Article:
Home Page

The main page allows the user to quickly filter the checks by the environment (Prod, Test, Dev).

Home Page – Dark

I am not a designer (I can barely match a pair of socks). However, I do like options. Bootstrap/BootSwatch made it easy to do that. I allow the user to pick the theme they like, simply by clicking the links in the lower right of the screen.

Dashboard filtered by tag

The system supports tags to make it easy to group related checks. For example, all tasks running on a specific server may be tagged with that server name.

Edit Task & Tags

Example of screen to edit task description and tags along with any notes for the specific check.

Show Triggers

Each check can have multiple triggers. This allows some pretty flexible scheduling as shown in this example.

Edit Trigger

Clicking a trigger in the list brings up the modal edit dialog. I tried to use buttons to make it easy and visual for the user to “see” the schedule.

View Actions


Edit SQL Action

Example dialog to edit the Sql used for the check.

History Tab

The helps determine how often a check is failing. It also includes any notes that were added about a failure.

Edit Event Note

Clicking the pencil in the far right column allows the user to enter a note about a specific event. This can be helpful to explain why some event failed.

Export to Excel

This serves two purposes.

  1. Backup of existing configuration.
  2. I didn’t complete this piece, but the idea was to be able to add checks to the spreadsheet and import it back into the system.


WebAPI Generated Doc

Here is an example of the API Doc we get for free with WebAPI.

Trello Punch List

Trello screenshot showing a portion of the project punch list.

Technology / Tools

  • C#
  • WebApi
  • AngularJS
  • Bootstrap/BootSwatch
  • Windows Service

Sql Code Snippets

Creating a custom snippet

Create a Snippets folder somewhere (I like c:SqlSnippets)


Use the following template as your first snippet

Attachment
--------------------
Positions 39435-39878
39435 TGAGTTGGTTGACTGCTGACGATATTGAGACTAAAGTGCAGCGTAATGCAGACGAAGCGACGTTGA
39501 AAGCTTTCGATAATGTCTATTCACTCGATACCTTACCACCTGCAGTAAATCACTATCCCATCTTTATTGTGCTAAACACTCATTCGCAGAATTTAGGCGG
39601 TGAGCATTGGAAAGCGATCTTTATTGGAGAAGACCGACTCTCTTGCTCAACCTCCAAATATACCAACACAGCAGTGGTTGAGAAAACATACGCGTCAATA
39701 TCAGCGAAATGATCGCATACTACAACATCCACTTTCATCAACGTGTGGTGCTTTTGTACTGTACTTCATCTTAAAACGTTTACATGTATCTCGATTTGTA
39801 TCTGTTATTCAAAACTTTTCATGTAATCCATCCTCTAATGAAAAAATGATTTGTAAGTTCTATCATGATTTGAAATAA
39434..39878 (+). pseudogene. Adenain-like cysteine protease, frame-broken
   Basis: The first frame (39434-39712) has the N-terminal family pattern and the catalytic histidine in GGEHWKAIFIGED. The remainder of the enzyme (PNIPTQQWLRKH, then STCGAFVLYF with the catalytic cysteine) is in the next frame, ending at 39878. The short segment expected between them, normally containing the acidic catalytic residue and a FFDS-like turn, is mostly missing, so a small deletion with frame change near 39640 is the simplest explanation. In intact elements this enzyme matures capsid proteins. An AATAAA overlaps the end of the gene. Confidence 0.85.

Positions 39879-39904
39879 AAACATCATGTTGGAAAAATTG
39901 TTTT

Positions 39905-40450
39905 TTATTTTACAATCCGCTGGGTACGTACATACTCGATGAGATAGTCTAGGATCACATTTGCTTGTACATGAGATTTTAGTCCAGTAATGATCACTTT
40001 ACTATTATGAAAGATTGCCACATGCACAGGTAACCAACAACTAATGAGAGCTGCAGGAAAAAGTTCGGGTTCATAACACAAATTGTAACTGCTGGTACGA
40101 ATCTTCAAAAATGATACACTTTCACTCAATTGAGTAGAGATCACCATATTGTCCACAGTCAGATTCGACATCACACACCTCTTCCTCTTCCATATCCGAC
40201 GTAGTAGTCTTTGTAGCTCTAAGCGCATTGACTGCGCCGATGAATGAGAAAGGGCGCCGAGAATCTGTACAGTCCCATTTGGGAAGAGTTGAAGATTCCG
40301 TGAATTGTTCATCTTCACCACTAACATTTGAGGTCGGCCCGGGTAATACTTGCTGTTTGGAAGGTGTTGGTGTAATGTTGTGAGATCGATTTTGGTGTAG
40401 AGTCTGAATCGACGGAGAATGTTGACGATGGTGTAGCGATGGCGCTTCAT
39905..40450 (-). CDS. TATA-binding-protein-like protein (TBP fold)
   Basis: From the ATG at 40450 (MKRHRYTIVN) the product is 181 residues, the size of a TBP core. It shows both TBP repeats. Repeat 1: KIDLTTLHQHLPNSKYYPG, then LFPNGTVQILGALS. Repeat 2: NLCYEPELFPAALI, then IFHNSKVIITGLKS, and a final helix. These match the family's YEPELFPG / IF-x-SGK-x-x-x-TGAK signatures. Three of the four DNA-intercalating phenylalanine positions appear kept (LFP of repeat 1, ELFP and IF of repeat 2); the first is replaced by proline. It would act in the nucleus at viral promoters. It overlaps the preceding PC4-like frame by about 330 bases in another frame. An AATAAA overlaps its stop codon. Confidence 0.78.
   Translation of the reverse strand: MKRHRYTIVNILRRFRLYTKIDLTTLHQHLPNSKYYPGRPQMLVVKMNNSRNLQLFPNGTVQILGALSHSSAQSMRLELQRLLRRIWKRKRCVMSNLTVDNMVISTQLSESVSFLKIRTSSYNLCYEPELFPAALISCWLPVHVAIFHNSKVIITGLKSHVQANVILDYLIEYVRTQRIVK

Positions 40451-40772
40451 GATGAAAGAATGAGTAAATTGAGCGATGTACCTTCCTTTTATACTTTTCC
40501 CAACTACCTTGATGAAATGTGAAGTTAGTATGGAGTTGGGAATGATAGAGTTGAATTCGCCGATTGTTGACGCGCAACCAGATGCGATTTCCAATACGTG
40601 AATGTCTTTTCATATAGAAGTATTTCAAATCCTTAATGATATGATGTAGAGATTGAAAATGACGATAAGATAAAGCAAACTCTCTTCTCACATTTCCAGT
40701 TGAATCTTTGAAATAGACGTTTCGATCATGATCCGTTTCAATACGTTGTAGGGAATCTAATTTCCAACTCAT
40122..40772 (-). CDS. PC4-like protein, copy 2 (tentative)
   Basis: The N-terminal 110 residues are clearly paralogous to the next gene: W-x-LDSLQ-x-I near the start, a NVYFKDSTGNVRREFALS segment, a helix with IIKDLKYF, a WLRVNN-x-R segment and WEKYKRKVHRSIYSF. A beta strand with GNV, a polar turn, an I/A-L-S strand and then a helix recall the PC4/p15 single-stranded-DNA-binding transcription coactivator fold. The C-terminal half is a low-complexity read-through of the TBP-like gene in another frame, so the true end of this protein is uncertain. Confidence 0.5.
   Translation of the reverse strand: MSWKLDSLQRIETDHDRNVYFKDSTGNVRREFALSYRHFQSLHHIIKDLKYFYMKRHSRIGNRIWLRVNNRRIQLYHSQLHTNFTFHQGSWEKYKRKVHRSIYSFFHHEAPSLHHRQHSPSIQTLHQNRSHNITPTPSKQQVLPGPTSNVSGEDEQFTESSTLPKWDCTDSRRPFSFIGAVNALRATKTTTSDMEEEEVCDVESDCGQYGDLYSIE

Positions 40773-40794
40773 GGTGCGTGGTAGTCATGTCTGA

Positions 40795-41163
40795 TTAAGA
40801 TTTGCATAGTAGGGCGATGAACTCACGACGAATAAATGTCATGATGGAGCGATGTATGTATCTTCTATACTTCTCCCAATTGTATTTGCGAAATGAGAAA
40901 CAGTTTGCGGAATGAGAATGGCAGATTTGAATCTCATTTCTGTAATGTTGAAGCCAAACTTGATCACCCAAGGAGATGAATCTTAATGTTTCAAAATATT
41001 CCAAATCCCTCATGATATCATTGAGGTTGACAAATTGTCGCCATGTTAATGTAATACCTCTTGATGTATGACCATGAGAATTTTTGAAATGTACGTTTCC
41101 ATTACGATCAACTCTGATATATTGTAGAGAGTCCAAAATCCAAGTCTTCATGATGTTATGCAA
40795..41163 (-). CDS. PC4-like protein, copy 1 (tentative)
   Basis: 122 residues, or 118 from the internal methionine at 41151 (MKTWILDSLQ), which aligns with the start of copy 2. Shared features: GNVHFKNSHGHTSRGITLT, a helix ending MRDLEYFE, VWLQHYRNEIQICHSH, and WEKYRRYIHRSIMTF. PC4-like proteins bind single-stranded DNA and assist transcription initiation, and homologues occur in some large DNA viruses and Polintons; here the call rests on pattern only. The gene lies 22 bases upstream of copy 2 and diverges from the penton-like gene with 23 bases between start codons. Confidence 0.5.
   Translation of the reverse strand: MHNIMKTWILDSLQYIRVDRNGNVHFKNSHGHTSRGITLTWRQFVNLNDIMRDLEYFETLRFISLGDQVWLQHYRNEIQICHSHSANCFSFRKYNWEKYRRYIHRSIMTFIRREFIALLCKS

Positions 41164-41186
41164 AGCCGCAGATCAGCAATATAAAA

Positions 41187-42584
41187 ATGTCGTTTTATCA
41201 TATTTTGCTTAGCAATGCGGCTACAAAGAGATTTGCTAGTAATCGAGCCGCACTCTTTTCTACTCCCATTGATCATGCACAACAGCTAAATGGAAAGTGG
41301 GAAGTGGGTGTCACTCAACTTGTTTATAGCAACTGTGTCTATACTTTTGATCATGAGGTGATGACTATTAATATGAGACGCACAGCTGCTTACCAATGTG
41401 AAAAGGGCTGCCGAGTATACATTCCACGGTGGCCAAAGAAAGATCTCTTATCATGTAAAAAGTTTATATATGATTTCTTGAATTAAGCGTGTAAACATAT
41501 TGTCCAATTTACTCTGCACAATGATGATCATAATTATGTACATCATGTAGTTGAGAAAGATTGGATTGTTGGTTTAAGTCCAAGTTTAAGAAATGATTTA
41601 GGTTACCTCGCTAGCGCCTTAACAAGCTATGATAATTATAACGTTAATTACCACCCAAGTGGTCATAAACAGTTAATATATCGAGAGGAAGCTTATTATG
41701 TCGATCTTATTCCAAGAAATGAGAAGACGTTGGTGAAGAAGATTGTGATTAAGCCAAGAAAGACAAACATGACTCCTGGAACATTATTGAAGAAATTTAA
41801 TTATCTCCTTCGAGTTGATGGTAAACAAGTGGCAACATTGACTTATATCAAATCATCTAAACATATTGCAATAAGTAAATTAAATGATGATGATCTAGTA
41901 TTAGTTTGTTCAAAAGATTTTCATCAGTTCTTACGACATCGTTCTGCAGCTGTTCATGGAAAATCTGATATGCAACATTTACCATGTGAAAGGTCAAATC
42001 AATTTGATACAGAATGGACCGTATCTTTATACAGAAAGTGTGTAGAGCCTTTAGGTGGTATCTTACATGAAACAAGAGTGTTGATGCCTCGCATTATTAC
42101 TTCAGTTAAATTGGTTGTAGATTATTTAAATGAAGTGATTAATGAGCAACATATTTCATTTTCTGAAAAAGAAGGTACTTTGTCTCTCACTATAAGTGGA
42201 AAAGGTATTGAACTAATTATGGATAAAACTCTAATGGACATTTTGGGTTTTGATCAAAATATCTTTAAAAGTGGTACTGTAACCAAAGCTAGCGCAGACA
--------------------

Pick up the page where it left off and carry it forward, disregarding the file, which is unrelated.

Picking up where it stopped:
<?xml version="1.0" encoding="utf-8" ?>
<CodeSnippets  xmlns="">
  <CodeSnippet Format="1.0.0">
      <Title>Logging - Standard Template</Title>
      <Description>Insert script to read Logging</Description>
      <Author>Company Name Here</Author>
      <Code Language="SQL">
        DATEADD(hour, DATEDIFF(hour, GETUTCDATE(), GETDATE()), TimeStamp) AS RunTime
      , Message
      , UserName
      , . . .
 FROM Logging.dbo.LogTable WITH (NOLOCK)
WHERE TimeStamp > DateAdd(MINUTE, -30, GetUtcDate())
ORDER BY TimeStamp

Open Code Snippet Manager (^KB)


  • Click Add button
  • Navigate to your new Snippets folder
  • Click the Select Folder button

Expand your Snippets Folder


Cleaning up the Insert Snippet Dialog

Insert Snippet in Query window

  • Press ^KX to bring up the Insert snippet window (before our change)


This dropdown is too busy and it is hard to find our custom snippets.

  • Go back to the Code Snippets Manager (^KB)


  • Open the folder shown in the Location textbox.
  • Make a backup folder to save these scripts and move all files into the backup folder

Folder before backup


Folder after backup


Remove Missing Folders

Go back to the Code Snippets Manager and click the *Remove* button for all the missing folders. When you are done, it should look like this.

Insert new Template

Finally, the payoff. Press ^KX to Insert a tempalte. It should be clean like this:

Senior Software Developer – Resurgent Capital Services

Jun 2014 – Present

  • Created a File Validation site using Azure, SignalR, & Redis. Project included unit tests and I was able to obtain 97% code coverage.
  • Developed a Go/NoGo Dashboard to provide a “quick glance” of system health. The site includes an AngularJS website, WebAPI service layer, and a Windows Service to perform the system checks.
  • Created a simple Wiki site to display and edit Markdown to help document projects and share information.
  • Integrated Database Migrations with Octopus Deploy
  • Installed Discourse in Azure in attempt to foster group discussions. (Jury is still out on people using the tool)
  • In addition to the fun projects listed above, I have also helped maintain existing legacy applications. (Some of the apps have 12+ year old stored procedures that still run hundreds of times per day)